Like all master story tellers he mixes humour, drama moments, unexpected twists to keep us engaged in the story. The meeting point between Pari (Sonam) and Lakshmikant (Akshay) is an example of how R Balki has turned a real life story into a very engaging watchable movie. Moments like such make a movie a super watch the first time and then you want to watch the movie again and again only because of such creative artisty. In fact the bursts of laughter in the theatre for the humour was no less than the ones you hear in a David Dhawan or a Rohit Shetty movie -
Balki is that brilliant in using humour.
Padman has like most Balki movies some great songs , particularly the movie opening Aaj seTeri which establishes the sensitivity of Lakshmikant and how much he cares for his wife.
The greatest point of PADMAN of course is that it is a movie which brims with positivity and hope. It is a story which is inspiring and tells every human that nothing can negate or stand in your way once you are willing to move forward in life. In his last speech at the UNO Lakshimkant makes an epic inspirational moment for all sitting in the audience. In fact the director keeps sending such positive message through moments in the movie , like Amitabh's short but bright speech as himself in the movie.
Padman is for those who care for good cinema and believe in the positivity of life. Do not miss it. Bollywood has sent in a huge apology for the largely drab January with this one movie to all of us. less
India has a population of over a billion people and almost 48 % of these are women. As per different studies conducted by various organizations and...read more
India has a population of over a billion people and almost 48 % of these are women. As per different studies conducted by various organizations and think tanks, a majority of women here still don't have access to proper means of menstrual hygiene and have to use unsafe methods which damage their health. Arunachalam Muruganantham, a social activist from Tamil Nadu brought a revolution on his own by providing affordable sanitary napkins to millions of rural women.
The film PadMan is inspired by his life and is also based on the book the legend of Lakshmi Prasad by Twinkle Khanna (also the producer of the film). Akshay Kumar stars as Lakshmikant Chauhan, a simple man living in a village in Madhya Pradesh along with his mother, sisters and his wife, Gayatri (Radhika Apte). He has a knack for solving the problems his wife faces on a day to day basis and loves to make her happy. When he sees how his wife (also his sisters and other women of his village) is shut out from home when she is on her period and won't use a sanitary pad as it's too costly, he decides to take matter into his own hands and starts developing a pad that's not too costly.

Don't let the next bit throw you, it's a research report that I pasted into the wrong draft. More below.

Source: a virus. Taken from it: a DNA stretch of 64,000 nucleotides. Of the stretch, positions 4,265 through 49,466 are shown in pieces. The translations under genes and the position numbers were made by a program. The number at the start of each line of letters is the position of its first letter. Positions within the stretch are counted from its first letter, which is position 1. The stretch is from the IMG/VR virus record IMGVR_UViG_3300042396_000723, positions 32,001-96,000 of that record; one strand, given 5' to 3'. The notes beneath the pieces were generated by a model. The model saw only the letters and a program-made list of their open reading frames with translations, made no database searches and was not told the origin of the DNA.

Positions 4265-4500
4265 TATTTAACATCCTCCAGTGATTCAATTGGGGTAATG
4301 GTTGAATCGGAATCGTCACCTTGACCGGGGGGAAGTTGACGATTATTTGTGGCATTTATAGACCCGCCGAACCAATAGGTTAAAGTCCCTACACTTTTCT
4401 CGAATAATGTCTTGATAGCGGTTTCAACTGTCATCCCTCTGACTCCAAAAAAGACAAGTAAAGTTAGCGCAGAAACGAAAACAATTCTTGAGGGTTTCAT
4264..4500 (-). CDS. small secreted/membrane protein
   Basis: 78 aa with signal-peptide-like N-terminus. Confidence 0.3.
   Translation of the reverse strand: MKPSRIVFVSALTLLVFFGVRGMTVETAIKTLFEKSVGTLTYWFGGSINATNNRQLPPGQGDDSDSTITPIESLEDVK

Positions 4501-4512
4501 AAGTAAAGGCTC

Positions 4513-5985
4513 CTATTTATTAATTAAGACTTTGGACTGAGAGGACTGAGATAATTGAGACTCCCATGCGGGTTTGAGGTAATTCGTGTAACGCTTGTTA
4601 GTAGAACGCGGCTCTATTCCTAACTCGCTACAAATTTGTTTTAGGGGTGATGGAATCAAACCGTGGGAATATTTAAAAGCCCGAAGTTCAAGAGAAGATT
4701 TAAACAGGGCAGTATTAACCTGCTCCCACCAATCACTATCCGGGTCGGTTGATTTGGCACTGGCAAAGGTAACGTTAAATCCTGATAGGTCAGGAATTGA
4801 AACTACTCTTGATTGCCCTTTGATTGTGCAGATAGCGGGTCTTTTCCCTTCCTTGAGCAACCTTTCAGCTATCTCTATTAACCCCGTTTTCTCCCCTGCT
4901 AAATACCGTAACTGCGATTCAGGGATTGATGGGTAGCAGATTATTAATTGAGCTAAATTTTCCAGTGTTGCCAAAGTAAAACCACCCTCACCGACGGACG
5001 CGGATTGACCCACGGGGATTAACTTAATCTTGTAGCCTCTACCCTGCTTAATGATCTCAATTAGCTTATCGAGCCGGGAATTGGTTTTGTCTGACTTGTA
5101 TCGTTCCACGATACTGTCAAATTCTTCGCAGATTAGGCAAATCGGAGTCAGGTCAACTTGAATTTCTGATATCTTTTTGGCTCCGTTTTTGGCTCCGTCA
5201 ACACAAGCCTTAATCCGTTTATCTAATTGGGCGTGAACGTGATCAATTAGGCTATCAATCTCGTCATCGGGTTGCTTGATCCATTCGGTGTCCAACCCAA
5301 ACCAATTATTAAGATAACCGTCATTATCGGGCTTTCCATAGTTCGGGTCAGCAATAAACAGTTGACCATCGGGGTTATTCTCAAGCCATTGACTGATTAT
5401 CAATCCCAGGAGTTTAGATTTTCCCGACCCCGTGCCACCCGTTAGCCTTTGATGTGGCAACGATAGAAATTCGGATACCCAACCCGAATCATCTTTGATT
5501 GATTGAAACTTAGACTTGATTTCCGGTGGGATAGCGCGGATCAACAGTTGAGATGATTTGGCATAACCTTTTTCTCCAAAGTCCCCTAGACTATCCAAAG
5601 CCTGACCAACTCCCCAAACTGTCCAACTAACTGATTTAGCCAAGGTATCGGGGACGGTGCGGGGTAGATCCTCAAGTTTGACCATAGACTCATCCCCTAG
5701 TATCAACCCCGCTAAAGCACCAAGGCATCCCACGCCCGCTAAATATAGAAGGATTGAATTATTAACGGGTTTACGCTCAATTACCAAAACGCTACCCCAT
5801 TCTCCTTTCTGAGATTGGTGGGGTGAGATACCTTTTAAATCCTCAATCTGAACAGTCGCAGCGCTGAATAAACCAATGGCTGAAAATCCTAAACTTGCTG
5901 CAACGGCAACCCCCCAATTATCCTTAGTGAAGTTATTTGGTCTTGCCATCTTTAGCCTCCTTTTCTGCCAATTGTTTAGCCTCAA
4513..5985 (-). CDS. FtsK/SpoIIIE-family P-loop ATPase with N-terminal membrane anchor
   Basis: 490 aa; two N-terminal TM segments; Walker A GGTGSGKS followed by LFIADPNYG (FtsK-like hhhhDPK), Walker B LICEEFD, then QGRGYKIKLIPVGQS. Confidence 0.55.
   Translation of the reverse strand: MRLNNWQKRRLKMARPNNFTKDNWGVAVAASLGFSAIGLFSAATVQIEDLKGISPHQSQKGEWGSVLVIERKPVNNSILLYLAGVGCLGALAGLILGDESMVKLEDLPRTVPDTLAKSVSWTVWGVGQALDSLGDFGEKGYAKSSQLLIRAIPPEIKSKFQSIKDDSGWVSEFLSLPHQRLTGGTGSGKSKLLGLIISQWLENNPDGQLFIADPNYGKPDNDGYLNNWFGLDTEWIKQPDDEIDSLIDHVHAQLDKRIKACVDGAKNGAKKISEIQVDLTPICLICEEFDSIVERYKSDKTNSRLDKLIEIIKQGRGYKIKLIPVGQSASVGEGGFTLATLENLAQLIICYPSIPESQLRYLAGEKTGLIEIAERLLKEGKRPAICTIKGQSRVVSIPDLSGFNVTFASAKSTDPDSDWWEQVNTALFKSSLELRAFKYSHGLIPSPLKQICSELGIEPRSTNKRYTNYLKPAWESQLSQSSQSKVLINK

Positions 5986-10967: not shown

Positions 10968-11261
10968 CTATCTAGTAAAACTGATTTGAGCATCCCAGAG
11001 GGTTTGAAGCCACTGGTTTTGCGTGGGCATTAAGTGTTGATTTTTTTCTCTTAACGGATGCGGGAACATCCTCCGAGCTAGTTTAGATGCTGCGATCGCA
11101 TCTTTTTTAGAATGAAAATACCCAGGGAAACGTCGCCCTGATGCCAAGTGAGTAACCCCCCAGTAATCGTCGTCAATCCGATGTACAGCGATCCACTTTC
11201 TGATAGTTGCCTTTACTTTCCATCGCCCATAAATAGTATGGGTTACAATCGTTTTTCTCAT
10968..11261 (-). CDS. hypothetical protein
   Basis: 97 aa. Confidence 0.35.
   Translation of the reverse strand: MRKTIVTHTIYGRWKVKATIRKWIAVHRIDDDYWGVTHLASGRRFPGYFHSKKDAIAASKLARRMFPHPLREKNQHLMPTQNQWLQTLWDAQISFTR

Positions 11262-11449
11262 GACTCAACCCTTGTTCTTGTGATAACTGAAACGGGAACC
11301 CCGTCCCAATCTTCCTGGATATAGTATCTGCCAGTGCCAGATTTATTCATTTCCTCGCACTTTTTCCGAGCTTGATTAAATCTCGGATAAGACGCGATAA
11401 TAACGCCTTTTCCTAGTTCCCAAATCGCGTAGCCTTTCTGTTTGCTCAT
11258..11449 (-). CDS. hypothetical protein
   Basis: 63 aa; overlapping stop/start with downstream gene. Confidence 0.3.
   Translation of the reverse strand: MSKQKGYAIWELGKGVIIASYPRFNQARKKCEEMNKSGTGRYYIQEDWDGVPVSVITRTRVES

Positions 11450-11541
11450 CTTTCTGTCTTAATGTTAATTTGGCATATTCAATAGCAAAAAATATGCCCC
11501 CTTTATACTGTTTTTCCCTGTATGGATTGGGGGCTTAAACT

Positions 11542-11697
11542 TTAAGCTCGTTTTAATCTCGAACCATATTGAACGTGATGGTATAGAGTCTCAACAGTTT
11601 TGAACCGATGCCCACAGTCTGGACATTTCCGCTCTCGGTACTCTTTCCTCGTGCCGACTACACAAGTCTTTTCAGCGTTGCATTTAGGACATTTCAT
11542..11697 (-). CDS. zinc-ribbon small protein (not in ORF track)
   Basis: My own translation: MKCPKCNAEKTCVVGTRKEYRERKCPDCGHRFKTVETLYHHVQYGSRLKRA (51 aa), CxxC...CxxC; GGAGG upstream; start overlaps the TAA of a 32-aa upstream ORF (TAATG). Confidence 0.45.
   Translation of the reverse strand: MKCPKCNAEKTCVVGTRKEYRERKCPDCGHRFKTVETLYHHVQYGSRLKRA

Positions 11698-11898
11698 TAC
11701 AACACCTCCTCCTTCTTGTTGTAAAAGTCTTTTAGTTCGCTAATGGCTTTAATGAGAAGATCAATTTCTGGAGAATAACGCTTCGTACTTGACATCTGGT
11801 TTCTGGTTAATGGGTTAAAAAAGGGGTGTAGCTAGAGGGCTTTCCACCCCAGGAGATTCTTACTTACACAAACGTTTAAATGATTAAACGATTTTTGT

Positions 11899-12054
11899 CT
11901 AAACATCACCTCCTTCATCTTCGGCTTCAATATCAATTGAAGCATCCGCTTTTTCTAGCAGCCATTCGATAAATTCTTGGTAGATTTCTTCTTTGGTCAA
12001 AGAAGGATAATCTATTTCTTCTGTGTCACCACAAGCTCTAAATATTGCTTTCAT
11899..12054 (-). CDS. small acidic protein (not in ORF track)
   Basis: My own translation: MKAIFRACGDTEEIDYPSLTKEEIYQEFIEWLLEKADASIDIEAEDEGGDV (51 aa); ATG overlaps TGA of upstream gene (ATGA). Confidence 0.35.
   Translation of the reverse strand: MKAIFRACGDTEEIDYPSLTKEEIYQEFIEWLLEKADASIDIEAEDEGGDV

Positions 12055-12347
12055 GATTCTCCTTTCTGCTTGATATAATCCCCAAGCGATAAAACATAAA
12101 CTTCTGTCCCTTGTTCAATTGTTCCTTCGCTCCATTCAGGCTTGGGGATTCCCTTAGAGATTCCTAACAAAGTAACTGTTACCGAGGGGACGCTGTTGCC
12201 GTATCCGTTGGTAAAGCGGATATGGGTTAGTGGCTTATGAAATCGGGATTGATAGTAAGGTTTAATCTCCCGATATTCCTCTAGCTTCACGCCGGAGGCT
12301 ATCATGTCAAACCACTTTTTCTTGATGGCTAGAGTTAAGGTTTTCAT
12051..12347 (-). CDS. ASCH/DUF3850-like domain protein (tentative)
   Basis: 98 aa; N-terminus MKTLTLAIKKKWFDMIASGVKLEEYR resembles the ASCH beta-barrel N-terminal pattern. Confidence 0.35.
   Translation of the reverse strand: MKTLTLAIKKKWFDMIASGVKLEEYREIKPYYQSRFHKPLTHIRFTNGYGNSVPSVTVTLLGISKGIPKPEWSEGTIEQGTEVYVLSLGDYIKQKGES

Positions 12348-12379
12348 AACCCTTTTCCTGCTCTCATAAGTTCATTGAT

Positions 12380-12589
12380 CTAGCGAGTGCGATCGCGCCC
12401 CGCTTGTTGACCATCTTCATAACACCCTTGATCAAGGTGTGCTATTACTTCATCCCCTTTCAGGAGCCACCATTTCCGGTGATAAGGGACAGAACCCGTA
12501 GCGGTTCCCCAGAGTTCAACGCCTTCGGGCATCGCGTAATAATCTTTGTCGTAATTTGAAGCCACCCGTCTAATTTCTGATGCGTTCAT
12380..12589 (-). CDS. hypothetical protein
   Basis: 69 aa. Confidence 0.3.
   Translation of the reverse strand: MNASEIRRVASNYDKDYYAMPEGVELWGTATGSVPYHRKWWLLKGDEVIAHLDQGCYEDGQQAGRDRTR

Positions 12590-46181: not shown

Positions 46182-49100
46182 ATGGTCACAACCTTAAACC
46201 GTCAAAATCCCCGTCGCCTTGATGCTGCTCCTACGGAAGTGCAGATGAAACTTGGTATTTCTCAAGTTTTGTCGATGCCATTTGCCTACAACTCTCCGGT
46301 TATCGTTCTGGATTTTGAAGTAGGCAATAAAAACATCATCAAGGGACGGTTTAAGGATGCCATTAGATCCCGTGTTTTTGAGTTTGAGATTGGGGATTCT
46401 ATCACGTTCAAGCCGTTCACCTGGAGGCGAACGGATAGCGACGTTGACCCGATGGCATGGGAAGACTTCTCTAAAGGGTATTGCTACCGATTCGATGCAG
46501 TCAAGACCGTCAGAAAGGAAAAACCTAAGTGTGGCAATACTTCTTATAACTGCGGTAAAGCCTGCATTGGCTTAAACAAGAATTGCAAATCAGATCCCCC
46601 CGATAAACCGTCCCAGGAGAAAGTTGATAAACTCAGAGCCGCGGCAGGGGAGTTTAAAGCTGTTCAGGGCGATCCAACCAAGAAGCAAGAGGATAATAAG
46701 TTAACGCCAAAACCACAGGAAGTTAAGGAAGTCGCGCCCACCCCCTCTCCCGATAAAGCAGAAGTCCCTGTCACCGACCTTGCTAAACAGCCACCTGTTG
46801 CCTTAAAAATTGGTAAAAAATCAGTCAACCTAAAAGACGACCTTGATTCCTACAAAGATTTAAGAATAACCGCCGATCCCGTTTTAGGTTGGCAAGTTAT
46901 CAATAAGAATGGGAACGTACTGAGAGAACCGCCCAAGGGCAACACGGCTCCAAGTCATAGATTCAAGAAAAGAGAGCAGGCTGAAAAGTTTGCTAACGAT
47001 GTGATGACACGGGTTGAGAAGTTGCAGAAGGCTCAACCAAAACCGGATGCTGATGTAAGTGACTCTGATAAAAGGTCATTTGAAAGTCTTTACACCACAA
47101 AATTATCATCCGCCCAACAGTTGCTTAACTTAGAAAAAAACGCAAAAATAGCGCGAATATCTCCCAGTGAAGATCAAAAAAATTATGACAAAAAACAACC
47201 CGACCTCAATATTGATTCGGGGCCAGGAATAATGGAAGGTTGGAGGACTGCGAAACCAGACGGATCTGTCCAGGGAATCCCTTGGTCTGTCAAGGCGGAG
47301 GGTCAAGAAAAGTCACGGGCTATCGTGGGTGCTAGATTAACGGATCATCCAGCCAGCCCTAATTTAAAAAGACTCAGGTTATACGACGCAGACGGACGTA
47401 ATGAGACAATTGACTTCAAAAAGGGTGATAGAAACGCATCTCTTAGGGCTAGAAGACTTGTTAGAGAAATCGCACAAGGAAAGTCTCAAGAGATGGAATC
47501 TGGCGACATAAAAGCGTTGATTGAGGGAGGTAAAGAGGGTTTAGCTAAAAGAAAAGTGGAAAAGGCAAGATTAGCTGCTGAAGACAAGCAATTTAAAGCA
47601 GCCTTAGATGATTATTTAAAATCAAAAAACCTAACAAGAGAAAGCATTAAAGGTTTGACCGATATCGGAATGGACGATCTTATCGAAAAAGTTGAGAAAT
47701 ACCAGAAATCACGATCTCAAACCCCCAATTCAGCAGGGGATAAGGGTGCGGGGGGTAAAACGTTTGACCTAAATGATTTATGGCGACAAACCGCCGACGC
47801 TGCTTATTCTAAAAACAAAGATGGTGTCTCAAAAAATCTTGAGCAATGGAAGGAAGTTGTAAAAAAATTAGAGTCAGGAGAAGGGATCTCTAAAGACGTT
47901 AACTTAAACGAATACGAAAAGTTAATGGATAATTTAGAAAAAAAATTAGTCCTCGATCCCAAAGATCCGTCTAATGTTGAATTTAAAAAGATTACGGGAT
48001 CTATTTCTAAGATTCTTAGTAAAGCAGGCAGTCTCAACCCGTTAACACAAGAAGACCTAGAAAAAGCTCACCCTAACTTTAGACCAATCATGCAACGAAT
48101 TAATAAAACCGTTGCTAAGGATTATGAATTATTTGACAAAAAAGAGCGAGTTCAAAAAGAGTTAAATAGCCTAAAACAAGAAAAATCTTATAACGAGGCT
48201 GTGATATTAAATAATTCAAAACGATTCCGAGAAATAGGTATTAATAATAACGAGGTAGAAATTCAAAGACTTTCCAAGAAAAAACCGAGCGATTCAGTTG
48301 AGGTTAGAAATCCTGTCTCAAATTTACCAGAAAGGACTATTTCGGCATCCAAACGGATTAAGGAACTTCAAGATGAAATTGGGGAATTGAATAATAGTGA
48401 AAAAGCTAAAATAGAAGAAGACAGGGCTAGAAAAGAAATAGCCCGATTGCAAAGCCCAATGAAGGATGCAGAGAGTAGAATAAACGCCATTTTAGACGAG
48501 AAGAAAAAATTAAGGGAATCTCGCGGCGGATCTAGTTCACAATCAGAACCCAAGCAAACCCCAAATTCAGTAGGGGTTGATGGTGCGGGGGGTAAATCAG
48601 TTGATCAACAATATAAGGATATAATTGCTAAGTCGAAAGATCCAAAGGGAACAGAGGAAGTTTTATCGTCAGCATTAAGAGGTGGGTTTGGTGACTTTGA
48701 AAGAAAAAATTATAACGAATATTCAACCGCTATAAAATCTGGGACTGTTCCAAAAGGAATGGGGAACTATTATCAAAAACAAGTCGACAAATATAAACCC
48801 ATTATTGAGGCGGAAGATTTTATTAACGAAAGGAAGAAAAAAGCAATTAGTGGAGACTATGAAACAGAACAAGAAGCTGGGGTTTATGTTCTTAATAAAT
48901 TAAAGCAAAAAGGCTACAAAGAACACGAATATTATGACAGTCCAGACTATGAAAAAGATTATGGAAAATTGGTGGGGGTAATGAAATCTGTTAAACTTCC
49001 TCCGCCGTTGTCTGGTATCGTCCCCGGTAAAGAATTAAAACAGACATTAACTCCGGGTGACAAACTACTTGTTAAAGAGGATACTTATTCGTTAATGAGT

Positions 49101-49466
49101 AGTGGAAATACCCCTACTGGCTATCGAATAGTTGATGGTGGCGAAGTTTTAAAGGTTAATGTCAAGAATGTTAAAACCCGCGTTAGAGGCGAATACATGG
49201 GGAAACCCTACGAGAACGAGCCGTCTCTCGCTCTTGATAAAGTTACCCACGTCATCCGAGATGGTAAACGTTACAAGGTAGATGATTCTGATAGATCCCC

He fails spectacularly numerous times and is even ostracized from his village but keeps working on to develop the pad that would give his wife the dignity she deserves, even though she leaves him. Enter Sonam Kapoor's Rhea, an MBA graduate who decides to help Lakshmi to fulfil his dream and also helps him market the product the right way. The film gives special attention on empowering women in the rural areas through entrepreneurship, education and skill development. It also shows how selfless Lakshmi is as he passes on the chance to have his product patented which would have brought him millions of rupees.
The film never feels stretched during its entire runtime and credit goes to Akshay Kumar to keep the audiences engaged with probably his best performance to date. His Lakshmikant is a man of perseverance who has the determination of a mad-genius. It is his fight with these age-old customs and traditions that still don't allow women in rural India the access to basic hygiene. The film also cements the fact that there is no leading man better than Akshay Kumar in comedy.
PadMan is a personal story in its first half where a man decides to do everything in his power to help his wife and both Akshay Kumar & Radhika Apte portray their characters effectively. In its second half, the film shifts its focus to the social revolution that Lakshmi starts after meeting Rhea and begins empowering women in the rural areas. The film implies that there are a lot of geniuses in rural India, who, with proper mentoring and help, can transform the nation.
Sonam Kapoor gives a refreshing performance as Rhea and her arc is important to the story as she helps Lakshmi to become PadMan. She stands resolutely behind him and single-handedly markets his product. The film also showcases how a nation can progress if youngsters start working for the people instead of taking high-end jobs.
PadMan is funny and amusing throughout while it also educates the masses about the importance of menstrual hygiene and women empowerment. The film refers to the elephant in the room without discomforting the viewers as people are still afraid to talk about these topics in the open. R Balki has made a film that not only entertains but also educates the people. It is neither too preachy like Toilet: Ek Prem Katha nor overtly dramatic like PK. The only glitch is the unneeded romantic plot which could have been avoided (won't spoil it for you). The film is a perfect ode to empowering women which will, in turn, empower India.